Authorities have highlighted the tiny passageway near T-junction, or Sam Yak in Thai, as the most unsafe element of the journey for the "Wild Boars" team that began on Sunday morning, but there are many other potential pitfalls.
Five Thai and 13 foreign divers are involved in the mission, which will see each of the boys escorted by two divers through the cave's dark and twisting flooded passageways.
The operation began at 10 a.m. Shortly before 8 p.m., the SEALs reported on their official Facebook page that four had been rescued.
That's the name of the young boys' team. An Australian doctor who is part of Sunday's rescue mission checked the health of the boys on Saturday night and gave the all clear for the rescue to proceed.
Narongsak said Sunday two divers would accompany each of the boys out of the cave.
Experienced divers take approximately 11 hours to complete the entire round trip so the first boys could be expected to emerge some time after 9pm local time (2am NZ time).
"Everyone is a professional so we're trying to put it away and avoid it happening again", he said, adding: "Everybody is focusing on getting these boys out - keeping them alive or getting them out".
Flooding cut off their escape and prevented rescuers from finding them for nearly 10 days.
The statement added: "due to the complex nature of the cave and the difficulty of the operation we can not yet verify how many children are coming out in this first operation". "(There) might be crucial changes in the rescue operation (plan) and somebody will make a decision maybe to bring more of them out today".
The notes were sent out with divers who made an 11-hour, back-and-forth journey to act as postmen.
A former member of Thailand's SEAL unit died during a dive early on Friday morning.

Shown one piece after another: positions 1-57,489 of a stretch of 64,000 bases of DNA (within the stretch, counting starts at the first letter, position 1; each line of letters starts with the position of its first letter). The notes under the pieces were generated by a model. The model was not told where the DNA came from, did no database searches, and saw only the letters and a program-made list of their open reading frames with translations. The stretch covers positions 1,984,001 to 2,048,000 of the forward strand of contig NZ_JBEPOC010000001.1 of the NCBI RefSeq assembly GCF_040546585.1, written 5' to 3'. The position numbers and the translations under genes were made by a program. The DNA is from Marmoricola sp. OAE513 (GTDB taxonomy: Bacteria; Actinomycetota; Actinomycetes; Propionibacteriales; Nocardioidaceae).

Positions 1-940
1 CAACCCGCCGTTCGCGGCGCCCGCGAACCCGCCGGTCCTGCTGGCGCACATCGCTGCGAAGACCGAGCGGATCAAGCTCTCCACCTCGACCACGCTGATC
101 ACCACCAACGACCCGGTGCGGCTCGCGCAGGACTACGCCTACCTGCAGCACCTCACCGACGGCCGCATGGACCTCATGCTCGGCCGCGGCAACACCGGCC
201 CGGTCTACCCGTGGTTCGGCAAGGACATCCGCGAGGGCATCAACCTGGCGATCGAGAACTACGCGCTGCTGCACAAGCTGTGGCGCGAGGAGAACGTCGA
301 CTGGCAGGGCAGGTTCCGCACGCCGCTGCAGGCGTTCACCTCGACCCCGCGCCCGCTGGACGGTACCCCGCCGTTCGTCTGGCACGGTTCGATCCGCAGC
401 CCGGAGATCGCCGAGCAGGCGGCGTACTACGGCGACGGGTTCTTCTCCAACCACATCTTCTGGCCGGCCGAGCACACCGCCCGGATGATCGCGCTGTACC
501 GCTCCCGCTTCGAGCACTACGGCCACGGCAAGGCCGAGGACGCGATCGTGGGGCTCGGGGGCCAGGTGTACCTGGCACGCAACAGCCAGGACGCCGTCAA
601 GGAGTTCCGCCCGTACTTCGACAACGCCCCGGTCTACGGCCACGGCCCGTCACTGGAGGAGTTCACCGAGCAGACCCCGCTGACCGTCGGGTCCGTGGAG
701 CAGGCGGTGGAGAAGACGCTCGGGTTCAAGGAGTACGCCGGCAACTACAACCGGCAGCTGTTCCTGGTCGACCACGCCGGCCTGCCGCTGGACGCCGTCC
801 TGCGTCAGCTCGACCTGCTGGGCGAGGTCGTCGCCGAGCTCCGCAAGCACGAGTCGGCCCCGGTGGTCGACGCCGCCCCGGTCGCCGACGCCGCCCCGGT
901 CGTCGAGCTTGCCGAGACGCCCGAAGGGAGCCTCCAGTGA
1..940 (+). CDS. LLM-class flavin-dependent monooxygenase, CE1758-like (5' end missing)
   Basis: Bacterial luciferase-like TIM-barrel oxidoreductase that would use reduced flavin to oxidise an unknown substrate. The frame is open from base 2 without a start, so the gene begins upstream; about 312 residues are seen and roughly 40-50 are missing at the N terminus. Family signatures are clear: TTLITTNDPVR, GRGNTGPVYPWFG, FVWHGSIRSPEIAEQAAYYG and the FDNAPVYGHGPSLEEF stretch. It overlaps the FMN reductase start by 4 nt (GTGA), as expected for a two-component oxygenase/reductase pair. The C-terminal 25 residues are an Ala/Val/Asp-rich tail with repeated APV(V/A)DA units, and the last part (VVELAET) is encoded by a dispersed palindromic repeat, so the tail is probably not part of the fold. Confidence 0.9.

Ekkapol's message is the first from the coach, whose role in the team's predicament has split Thai social media.
An "all-star" team of 18 divers entered the caves this afternoon as the boys and their families were notified of the development.
A Thai army commander said the ongoing rescue could take 2-4 days.
Gong Hui, a Chinese diver involved in the operation that has drawn some 130 Thai and global divers, told Reuters on Saturday before the fresh rains that water levels in the cave had "receded a lot" after sustained pumping had removed millions of litres of water.
Mission chief Narongsak said in recent days that medic teams had complained about the media presence and they told him "it will be a problem if they have a real emergency situation". An incredible collective effort is on display in a makeshift village while authorities offer emotional support for the parents and families who are in tents desperately waiting for their boys to come out of the cave after almost two weeks.
Of the 13-strong foreign dive team - mainly from Europe - three will escort the children, while the remainder are positioned along the risky first kilometre stretch, where the boys will have to navigate through submerged passageways in some places no more than two feet (0.6 metre) wide.
In another development on Saturday, authorities confirmed the boys had communicated by letter with their relatives, many camped outside the cave's entrance, for the first time since they were found.
The only way to bring them out is by navigating dark and tight passageways filled with muddy water and strong currents, as well as oxygen-depleted air. It is considered very hard even for expert divers to navigate the escape route.
When facing particularly narrow paths, the divers will release the tanks from their backs and slowly roll it as they guide the boy through the passage.
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